DPS Pasadena Meeting 2000, 23-27 October 2000
Session 32. Extra-Solar Planets Posters
Displayed, 1:00pm, Monday - 1:00pm, Friday, Highlighted Tuesday and Thursday, 3:30-6:30pm, C101-C105, C211

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[32.06] The Galactic Exoplanet Survey Telescope (GEST): A Search for Extra-Solar Planets via Gravitational Microlensing and Transits

S. H. Rhie, D. P. Bennett (Notre Dame), M. Clampin (STScI), K. H. Cook, A. J. Drake (LLNL), A. Gould (Ohio State), K. Horne (St. Andrews), S. D. Horner (LMSS), D. C. Jewitt (Hawaii), G. I. Langston (NRAO), T. R. Lauer (NOAO), A. Lumsdaine (Notre Dame), D. Minniti (P. Universidad Catolica), S. J. Peale (UCSB), M. Shao (JPL), R. L. Stevenson (Notre Dame), D. Tenerelli (LMSS), D. Tytler (UCSD), N. J. Woolf (Arizona)

GEST is a comprehensive extra-solar planet search mission sensitive to planets with masses as low as that of Mars. GEST will monitor the Galactic bulge for 8 months per year for three years to detect planets via gravitational microlensing and transits. GEST's microlensing survey will detect low-mass planets via high signal-to-noise variations of gravitational microlensing light curves. These planetary signals do not require follow-up observations to confirm the planetary interpretation, and they yield direct measurements of the star:planet mass ratio. GEST will be able to detect ~100 Earth-mass planets at 1 AU (assuming ~1 such planet per star) and will detect its first Earth-mass planets within a few months of launch. GEST's survey of the Galactic bulge will also detect ~50,000 planets via transits.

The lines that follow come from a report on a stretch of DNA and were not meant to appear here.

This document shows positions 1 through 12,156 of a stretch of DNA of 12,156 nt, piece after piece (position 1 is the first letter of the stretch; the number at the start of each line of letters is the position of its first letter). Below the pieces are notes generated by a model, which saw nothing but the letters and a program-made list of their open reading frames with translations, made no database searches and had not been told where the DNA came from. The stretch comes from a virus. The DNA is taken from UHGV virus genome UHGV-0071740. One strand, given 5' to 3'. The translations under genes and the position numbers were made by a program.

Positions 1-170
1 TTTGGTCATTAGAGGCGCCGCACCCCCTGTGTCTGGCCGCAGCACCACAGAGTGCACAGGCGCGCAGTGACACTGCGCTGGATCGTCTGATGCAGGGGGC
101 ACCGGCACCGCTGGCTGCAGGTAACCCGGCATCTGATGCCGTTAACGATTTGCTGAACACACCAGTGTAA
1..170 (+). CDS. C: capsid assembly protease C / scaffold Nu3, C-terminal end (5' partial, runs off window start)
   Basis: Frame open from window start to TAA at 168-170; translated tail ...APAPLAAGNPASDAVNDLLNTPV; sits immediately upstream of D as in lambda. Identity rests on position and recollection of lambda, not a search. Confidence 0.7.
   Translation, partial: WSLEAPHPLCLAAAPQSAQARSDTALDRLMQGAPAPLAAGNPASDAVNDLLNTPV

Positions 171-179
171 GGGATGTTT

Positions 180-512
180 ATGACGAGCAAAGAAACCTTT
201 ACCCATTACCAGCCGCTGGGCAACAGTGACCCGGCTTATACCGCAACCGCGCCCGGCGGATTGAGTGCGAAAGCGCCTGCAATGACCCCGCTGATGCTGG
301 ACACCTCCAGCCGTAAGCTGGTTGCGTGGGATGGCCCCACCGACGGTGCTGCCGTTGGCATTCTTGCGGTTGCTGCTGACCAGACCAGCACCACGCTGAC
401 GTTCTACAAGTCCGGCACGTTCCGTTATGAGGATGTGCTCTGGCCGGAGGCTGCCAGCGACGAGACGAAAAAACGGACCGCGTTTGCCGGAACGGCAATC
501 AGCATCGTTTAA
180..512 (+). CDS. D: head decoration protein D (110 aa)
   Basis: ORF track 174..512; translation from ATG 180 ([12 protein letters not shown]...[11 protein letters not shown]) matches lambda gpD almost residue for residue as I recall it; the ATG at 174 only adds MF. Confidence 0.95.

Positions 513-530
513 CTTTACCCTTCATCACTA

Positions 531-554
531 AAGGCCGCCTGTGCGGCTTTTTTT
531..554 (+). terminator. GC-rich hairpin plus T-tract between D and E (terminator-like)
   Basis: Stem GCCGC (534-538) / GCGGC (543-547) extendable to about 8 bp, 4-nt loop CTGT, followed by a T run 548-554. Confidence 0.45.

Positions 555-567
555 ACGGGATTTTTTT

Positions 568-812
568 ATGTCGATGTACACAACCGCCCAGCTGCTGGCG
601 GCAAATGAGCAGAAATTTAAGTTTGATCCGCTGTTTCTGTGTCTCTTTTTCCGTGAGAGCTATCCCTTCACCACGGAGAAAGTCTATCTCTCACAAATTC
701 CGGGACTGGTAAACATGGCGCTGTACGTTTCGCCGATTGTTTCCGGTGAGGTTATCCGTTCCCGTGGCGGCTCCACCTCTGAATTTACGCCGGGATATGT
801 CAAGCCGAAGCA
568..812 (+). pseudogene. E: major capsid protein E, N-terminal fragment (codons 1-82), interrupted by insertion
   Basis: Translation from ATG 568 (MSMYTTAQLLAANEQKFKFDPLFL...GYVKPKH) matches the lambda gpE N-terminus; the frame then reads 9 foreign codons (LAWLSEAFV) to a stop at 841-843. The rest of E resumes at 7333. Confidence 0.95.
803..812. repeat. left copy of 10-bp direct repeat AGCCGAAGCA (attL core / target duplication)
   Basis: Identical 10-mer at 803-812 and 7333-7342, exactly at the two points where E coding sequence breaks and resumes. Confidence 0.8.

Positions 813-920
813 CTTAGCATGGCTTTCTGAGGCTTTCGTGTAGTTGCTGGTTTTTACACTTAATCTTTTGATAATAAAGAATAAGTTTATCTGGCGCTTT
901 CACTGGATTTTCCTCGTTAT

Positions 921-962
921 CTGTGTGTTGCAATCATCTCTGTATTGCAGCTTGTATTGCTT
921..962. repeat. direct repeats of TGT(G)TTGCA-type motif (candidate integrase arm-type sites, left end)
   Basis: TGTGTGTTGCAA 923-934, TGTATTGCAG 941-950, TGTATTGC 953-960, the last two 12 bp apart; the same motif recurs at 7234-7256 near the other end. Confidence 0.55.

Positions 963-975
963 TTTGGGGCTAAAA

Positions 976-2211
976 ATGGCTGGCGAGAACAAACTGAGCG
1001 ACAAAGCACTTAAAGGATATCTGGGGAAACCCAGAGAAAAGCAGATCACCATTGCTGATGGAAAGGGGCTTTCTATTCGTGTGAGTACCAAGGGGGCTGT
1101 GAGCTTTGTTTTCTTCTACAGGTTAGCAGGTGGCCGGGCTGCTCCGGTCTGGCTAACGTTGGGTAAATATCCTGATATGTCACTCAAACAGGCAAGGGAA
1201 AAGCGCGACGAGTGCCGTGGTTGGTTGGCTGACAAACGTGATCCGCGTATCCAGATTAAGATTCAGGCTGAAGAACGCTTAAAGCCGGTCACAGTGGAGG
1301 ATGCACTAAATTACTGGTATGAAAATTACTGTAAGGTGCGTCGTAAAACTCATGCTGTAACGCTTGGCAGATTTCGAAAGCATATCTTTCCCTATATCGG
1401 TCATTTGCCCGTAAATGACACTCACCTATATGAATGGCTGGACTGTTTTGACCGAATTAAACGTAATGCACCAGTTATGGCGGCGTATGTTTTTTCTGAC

When the Galactic bulge is not visible, GEST will do a Kuiper Belt Object (KBO) survey and operate a Participating Scienctist Program (PSP) with observational programs selected via competitive proposals. It is expected that 100,000 new KBOs will be discovered.

The GEST mission can be accomplished at low risk with established technology, and a GEST proposal has been submitted to the current Discovery Competition.

If you would like more information about this abstract, please follow the link to http://bustard.phys.nd.edu/GEST/. This link was provided by the author. When you follow it, you will leave the Web site for this meeting; to return, you should use the Back comand on your browser.

The author(s) of this abstract have provided an email address for comments about the abstract: srhie@nd.edu

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